comment:12 follow-up: kurtpayne2 years ago

scribu, I'd like to talk about this one a bit more interactively, but I haven't seen you on IRC.

The markup between the readme display and the api display varies quite a bit. The API has screenshots, download stats, rating stats, compatibility info, last updated, date added, download link, and author profile link. These won't be contained in the readme / plugin header information.

I'm not sure how to combine these together.

I can't really change the element id that necessitates the CSS changes. It cascades from the query string to wp-admin\plugin-install.php and is set as $body_id where it's used in iframe_header to set the body id, then $tab is used to control which hook gets called.

I'm not sure how to cleanly break all of these apart. It seems like it would cause a regression somewhere.

Thoughts?

comment:13 in reply to: ↑ 12 scribu2 years ago

Replying to kurtpayne:

scribu, I'd like to talk about this one a bit more interactively, but I haven't seen you on IRC.

I'll try to be online more often, but it would probably be easier if we attempted to set a meeting point.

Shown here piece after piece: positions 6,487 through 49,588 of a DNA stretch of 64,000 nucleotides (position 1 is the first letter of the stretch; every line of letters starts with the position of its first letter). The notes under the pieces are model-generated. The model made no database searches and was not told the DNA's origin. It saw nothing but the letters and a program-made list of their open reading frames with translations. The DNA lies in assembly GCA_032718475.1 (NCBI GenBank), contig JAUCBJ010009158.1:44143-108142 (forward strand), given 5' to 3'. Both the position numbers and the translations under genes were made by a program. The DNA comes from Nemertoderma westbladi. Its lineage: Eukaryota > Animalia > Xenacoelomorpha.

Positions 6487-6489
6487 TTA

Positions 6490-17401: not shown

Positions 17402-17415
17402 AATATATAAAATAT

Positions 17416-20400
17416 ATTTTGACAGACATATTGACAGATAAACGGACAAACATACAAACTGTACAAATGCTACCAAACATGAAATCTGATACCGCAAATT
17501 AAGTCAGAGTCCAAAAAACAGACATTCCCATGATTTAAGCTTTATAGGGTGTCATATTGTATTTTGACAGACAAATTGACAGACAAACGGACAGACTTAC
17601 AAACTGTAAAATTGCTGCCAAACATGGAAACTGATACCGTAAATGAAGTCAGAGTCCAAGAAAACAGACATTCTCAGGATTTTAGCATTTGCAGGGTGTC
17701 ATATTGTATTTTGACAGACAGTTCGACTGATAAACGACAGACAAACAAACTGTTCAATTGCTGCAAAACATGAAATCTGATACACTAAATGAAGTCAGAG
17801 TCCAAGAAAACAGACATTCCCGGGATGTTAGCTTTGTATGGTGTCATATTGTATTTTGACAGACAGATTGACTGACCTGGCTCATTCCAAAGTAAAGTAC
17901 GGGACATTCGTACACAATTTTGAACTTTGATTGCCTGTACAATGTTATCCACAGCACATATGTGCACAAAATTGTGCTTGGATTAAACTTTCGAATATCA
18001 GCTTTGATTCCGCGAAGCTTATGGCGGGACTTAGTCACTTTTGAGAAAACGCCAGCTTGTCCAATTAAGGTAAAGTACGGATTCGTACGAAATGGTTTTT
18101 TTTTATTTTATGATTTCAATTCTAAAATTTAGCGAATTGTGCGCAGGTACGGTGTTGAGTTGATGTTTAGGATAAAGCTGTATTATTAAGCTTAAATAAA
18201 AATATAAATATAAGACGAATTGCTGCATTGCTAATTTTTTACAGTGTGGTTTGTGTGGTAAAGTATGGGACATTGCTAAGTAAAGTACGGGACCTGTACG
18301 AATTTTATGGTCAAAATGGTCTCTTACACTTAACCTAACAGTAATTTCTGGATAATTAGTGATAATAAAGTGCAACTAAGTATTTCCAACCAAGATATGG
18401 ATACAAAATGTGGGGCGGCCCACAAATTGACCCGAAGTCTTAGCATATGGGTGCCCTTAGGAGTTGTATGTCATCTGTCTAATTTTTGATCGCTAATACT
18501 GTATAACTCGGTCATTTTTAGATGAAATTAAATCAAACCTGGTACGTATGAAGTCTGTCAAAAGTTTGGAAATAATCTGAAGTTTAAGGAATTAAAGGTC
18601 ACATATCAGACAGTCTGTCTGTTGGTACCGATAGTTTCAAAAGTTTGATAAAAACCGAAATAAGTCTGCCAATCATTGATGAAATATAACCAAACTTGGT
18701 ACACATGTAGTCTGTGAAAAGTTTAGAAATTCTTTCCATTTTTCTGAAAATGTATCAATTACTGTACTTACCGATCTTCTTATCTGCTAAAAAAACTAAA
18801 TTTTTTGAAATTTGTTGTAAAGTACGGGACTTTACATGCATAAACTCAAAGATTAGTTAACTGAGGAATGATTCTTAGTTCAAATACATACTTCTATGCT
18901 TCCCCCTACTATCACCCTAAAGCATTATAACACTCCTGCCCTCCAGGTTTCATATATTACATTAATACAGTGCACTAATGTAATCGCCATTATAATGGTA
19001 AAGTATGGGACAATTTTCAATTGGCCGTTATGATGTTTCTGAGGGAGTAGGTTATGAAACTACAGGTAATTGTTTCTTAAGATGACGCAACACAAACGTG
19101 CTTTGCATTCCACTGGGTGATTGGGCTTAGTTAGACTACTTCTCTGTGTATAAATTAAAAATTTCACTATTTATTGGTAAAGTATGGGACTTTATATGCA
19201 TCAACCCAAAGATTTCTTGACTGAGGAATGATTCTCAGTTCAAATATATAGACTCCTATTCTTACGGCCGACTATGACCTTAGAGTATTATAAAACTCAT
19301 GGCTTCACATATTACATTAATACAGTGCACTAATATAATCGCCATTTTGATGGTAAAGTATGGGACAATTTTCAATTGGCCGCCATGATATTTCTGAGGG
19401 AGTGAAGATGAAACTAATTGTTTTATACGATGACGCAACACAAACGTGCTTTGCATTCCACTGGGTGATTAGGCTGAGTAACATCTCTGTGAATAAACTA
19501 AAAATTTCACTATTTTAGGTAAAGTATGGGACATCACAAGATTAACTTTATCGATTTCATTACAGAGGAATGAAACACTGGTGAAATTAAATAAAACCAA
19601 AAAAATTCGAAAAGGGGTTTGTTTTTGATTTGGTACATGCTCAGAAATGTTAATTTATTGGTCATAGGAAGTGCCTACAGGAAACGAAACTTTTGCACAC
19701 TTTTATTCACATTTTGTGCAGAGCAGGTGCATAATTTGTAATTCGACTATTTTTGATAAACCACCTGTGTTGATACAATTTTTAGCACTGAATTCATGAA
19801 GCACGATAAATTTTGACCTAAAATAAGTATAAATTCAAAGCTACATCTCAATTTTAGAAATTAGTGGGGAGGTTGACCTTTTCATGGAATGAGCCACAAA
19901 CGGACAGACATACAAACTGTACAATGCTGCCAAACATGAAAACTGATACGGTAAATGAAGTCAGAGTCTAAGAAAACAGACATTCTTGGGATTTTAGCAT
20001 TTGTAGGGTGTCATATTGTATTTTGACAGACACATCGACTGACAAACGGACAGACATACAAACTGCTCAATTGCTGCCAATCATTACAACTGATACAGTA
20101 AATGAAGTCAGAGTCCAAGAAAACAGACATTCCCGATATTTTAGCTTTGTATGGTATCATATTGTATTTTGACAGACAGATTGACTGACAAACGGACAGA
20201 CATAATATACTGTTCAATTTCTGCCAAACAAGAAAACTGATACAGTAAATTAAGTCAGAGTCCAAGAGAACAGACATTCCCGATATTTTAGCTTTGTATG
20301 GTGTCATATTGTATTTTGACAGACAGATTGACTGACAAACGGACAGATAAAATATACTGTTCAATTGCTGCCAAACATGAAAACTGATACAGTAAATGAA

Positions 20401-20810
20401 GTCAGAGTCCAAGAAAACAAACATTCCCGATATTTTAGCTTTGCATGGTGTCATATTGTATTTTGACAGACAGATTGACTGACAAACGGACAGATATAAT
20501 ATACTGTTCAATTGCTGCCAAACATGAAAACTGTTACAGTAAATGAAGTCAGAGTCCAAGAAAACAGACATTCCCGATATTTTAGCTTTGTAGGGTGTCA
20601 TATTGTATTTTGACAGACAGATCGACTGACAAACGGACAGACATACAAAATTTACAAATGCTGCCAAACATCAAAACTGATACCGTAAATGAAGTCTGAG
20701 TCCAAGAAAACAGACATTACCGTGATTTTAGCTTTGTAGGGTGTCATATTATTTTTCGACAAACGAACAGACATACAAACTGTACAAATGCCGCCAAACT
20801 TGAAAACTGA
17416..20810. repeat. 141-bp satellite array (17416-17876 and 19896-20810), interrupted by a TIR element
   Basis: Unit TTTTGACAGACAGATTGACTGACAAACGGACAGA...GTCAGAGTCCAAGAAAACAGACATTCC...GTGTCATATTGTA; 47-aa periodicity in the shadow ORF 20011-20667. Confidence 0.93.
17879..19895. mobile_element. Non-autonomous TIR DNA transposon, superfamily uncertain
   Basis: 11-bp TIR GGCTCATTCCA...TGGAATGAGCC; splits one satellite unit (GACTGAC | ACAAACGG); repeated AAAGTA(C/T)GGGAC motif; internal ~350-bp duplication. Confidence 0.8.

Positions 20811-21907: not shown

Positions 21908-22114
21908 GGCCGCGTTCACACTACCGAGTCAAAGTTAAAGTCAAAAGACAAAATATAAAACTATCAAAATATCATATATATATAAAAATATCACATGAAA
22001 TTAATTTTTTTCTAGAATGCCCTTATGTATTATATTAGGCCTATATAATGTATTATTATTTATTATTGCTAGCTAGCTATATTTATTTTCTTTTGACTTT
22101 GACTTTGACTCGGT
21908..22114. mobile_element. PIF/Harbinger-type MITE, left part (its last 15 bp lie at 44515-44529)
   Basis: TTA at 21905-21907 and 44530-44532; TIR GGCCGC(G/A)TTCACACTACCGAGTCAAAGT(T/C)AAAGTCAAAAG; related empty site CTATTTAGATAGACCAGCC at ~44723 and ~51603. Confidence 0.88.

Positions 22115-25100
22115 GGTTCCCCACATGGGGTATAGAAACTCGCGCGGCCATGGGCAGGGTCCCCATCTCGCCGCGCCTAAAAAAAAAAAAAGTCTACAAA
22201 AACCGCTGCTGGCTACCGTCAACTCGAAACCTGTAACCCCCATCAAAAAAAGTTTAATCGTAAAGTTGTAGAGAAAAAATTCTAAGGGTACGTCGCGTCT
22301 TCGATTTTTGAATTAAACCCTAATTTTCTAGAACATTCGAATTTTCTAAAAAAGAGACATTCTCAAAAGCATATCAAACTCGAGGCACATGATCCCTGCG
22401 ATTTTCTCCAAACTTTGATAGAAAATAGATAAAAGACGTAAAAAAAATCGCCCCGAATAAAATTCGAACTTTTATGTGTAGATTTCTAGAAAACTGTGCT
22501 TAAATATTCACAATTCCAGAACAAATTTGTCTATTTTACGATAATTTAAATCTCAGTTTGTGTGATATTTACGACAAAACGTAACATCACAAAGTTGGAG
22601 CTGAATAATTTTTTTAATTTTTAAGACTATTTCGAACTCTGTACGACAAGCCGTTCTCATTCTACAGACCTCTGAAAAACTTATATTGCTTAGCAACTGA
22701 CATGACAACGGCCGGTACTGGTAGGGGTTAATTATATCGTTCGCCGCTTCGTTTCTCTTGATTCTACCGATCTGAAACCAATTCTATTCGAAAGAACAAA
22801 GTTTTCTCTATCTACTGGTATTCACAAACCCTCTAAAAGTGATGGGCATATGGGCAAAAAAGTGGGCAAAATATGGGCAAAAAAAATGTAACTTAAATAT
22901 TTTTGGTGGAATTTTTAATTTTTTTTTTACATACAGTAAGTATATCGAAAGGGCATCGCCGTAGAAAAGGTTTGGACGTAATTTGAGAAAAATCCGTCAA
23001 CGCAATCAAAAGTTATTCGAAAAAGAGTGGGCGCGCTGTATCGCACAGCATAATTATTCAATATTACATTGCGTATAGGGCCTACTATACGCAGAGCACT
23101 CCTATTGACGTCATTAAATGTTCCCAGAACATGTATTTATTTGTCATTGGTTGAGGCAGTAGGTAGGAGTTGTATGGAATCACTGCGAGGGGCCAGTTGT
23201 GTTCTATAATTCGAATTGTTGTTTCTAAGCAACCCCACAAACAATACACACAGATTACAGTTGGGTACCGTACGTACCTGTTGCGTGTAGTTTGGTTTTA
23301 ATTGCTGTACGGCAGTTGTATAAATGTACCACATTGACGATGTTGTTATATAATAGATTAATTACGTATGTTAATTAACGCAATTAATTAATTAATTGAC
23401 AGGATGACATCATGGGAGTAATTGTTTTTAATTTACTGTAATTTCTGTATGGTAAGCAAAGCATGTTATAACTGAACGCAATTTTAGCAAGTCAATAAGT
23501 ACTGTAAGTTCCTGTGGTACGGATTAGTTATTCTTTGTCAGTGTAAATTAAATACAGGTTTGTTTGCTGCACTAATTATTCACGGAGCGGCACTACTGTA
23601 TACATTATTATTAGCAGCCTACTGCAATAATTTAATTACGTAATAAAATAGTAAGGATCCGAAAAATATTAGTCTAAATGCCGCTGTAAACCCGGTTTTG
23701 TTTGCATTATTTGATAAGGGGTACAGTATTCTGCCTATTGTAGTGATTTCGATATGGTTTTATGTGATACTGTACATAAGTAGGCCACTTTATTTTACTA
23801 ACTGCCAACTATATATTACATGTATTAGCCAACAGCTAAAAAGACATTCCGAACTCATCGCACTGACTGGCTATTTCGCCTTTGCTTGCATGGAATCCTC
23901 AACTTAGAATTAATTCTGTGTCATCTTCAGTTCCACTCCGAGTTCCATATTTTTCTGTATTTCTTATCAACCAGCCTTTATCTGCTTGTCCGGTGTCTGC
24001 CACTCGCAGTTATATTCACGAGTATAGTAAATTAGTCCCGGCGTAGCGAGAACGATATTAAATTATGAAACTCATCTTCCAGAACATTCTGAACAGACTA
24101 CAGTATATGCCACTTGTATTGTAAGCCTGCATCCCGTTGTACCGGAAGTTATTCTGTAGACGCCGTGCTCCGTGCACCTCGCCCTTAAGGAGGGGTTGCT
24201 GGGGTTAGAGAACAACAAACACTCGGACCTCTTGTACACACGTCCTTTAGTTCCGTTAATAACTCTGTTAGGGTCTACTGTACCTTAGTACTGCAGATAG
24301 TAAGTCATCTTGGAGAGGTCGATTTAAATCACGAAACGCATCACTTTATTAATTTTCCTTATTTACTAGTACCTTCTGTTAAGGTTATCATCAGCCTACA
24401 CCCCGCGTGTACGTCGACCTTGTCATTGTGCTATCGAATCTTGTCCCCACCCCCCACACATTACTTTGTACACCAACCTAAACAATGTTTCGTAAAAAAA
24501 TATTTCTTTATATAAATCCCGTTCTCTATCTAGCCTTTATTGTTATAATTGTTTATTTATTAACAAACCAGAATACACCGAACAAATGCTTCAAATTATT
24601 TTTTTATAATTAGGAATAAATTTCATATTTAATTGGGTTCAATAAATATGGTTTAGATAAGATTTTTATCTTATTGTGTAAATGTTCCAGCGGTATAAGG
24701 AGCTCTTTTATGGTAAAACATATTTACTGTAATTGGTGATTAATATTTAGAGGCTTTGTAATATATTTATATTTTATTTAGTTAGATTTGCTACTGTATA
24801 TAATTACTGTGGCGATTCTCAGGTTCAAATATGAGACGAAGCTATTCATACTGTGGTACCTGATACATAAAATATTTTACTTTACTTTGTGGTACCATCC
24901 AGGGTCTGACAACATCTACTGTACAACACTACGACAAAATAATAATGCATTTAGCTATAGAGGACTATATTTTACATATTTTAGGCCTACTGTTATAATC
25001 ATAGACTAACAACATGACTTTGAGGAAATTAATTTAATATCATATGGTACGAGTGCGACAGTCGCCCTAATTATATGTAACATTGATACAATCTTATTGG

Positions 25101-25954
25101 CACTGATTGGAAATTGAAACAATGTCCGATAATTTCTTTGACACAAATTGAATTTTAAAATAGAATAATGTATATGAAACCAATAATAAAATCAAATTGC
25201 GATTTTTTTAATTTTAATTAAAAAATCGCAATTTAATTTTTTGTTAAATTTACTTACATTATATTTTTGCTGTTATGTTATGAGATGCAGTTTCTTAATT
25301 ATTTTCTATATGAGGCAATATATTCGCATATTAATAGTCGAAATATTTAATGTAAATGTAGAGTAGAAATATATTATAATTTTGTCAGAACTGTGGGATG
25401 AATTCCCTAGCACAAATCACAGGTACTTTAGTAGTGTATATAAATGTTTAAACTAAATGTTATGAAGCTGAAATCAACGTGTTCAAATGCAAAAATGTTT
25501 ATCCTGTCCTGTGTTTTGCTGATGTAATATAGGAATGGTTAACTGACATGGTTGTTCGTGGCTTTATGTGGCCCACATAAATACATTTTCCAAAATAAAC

The markup between the readme display and the api display varies quite a bit. The API has screenshots, download stats, rating stats, compatibility info, last updated, date added, download link, and author profile link. These won't be contained in the readme / plugin header information.

No, but the general layout should be the same, so the CSS shouldn't differ much.

I can't really change the element id that necessitates the CSS changes. It cascades from the query string to wp-admin\plugin-install.php and is set as $body_id where it's used in iframe_header to set the body id, then $tab is used to control which hook gets called.

Like I said previously, forget about the id. We should change the CSS and markup so that we end up with re-usable classes.

comment:14 scribu2 years ago

So, instead of #plugin-information pre, we would use .plugin-info pre etc.

kurtpayne2 years ago

Fixed patch, removed EOL property changes

kurtpayne22 months ago

Updated for 3.5

comment:15 kurtpayne22 months ago

Updated patch for 3.5 17902.3.patch. This still requires a separate download of markdown.php to be placed in wp-admin/includes.